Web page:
When President Joe Biden’s $1.2 trillion infrastructure plan came up for a vote in the U.S. House of Representatives on Friday, six congressional lawmakers from New York broke ranks, voting against their party — more than from any other state.
Four Empire State Republicans joined with mainly Democrats in voting "yes" to pass the bill: Reps. Andrew Garbarino, Nicole Malliotakis, John Katko and Tom Reed.
At the same time, two Democrats from New York City voted "no": Reps. Jamaal Bowman and Alexandria Ocasio-Cortez.
Malliotakis called her "yes" vote on the bill a “no-brainer.”
“I don't know how anyone who represents New York City could have opposed this bill,” she said, citing what it could mean for the city and her Staten Island district.
“Whether it's a sewer infrastructure, the transit, whether it be a coastal resiliency project, roads, bridges, highways, this is cover-to-cover infrastructure,” she said.
But now she and the 12 other House Republicans from across the country who voted in support of the bill are facing fierce criticism from within the GOP. Rep. Marjorie Taylor Greene, for example, likened them to traitors and tweeted the phone numbers to their offices.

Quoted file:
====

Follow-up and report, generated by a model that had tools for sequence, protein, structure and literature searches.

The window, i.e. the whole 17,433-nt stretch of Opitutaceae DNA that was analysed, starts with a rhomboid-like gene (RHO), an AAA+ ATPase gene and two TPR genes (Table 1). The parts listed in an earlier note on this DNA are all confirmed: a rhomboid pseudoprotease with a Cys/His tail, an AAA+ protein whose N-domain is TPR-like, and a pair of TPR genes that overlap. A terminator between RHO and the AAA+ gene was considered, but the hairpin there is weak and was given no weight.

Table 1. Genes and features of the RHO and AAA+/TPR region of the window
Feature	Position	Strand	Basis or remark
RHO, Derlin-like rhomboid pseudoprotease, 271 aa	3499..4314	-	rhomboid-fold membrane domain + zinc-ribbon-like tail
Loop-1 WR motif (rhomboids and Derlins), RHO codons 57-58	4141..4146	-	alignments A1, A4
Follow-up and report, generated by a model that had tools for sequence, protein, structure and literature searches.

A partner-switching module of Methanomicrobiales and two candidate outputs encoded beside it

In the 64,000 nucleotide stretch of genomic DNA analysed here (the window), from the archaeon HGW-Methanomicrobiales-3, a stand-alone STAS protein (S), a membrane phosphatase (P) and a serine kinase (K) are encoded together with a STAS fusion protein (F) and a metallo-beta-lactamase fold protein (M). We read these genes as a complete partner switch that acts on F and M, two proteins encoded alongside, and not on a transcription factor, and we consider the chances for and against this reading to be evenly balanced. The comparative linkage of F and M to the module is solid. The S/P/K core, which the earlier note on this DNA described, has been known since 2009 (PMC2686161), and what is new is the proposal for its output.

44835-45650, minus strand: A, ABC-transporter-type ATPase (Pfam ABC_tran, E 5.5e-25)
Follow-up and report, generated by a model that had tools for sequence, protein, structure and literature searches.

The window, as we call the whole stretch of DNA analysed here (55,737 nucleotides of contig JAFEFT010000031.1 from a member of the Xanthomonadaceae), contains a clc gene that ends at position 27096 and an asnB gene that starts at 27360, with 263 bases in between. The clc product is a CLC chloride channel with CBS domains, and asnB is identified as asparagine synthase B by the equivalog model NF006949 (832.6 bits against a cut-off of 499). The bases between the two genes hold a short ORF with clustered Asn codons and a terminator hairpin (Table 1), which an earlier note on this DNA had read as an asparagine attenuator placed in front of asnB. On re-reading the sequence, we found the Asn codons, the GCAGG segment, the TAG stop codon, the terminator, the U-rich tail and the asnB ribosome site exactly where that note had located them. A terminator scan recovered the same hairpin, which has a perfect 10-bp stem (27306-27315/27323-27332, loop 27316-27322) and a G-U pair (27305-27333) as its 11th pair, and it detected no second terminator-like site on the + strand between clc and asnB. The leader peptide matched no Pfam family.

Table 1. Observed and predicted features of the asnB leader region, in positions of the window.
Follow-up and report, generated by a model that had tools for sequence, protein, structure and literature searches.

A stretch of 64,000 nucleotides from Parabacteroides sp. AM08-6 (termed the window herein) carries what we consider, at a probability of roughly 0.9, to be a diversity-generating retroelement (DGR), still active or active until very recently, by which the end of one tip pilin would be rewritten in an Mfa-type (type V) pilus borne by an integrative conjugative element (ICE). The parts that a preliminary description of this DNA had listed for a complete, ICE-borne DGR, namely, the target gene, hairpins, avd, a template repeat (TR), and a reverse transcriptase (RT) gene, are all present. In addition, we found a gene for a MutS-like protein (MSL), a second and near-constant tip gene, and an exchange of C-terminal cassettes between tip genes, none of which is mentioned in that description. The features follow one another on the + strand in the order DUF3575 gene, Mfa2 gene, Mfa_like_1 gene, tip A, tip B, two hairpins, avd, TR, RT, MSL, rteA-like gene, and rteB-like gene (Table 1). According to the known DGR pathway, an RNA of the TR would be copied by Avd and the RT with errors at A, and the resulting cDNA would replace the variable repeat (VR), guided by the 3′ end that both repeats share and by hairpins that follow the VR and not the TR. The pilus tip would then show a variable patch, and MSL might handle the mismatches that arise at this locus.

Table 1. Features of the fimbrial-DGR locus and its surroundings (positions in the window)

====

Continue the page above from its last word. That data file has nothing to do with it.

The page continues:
Katko, a Syracuse-area Republican, said he has received many “troubling” phone calls over his "yes" vote.
In an interview with Spectrum News 1, he pushed back on his critics, emphasizing the funding that is expected to flow to the airports, roads, and bridges back home.
“Ronald Reagan cut deals all the time with Democrats in the House to get things done for the good of the country. That’s what we’re supposed to do,” he said. “This isn’t a zero-sum game.”
For Malliotakis, Katko, and New York’s other breakaway Republicans, their "yes" votes could pay political dividends by showing that they can be bipartisan — no small feat in a Democratic state.
Across the aisle, six Democrats from across the country voted "no," including Bowman and Ocasio-Cortez, two of New York’s most progressive lawmakers on Capitol Hill.
The lawmakers who voted "no" had long aimed to tie this hard infrastructure measure to a separate bill: President Biden’s larger social spending and climate legislation. The fate of that second bill remains in question.
Bowman said he hopes that progressives have not lost leverage to get the rest of Biden’s agenda across the finish line, now that Congress has approved the hard infrastructure plan.
Bowman said he does support both bills. He just wanted them passed together.
“It can't just be about roads, tunnels, and bridges and not about child care, health care, seniors, immigration and all the other issues that impact my district and districts across the country,” he said.
Bowman and Ocasio-Cortez now face scrutiny from New York’s influential Building and Construction Trades Council, which supported the bill.
President Gary LaBarbera said he is “very disappointed” by the Democrats who voted "no" and noted the organization “will be reviewing how we move forward with those individuals.”
LaBarbera said the legislation has the potential to create tens of thousands of jobs in the state.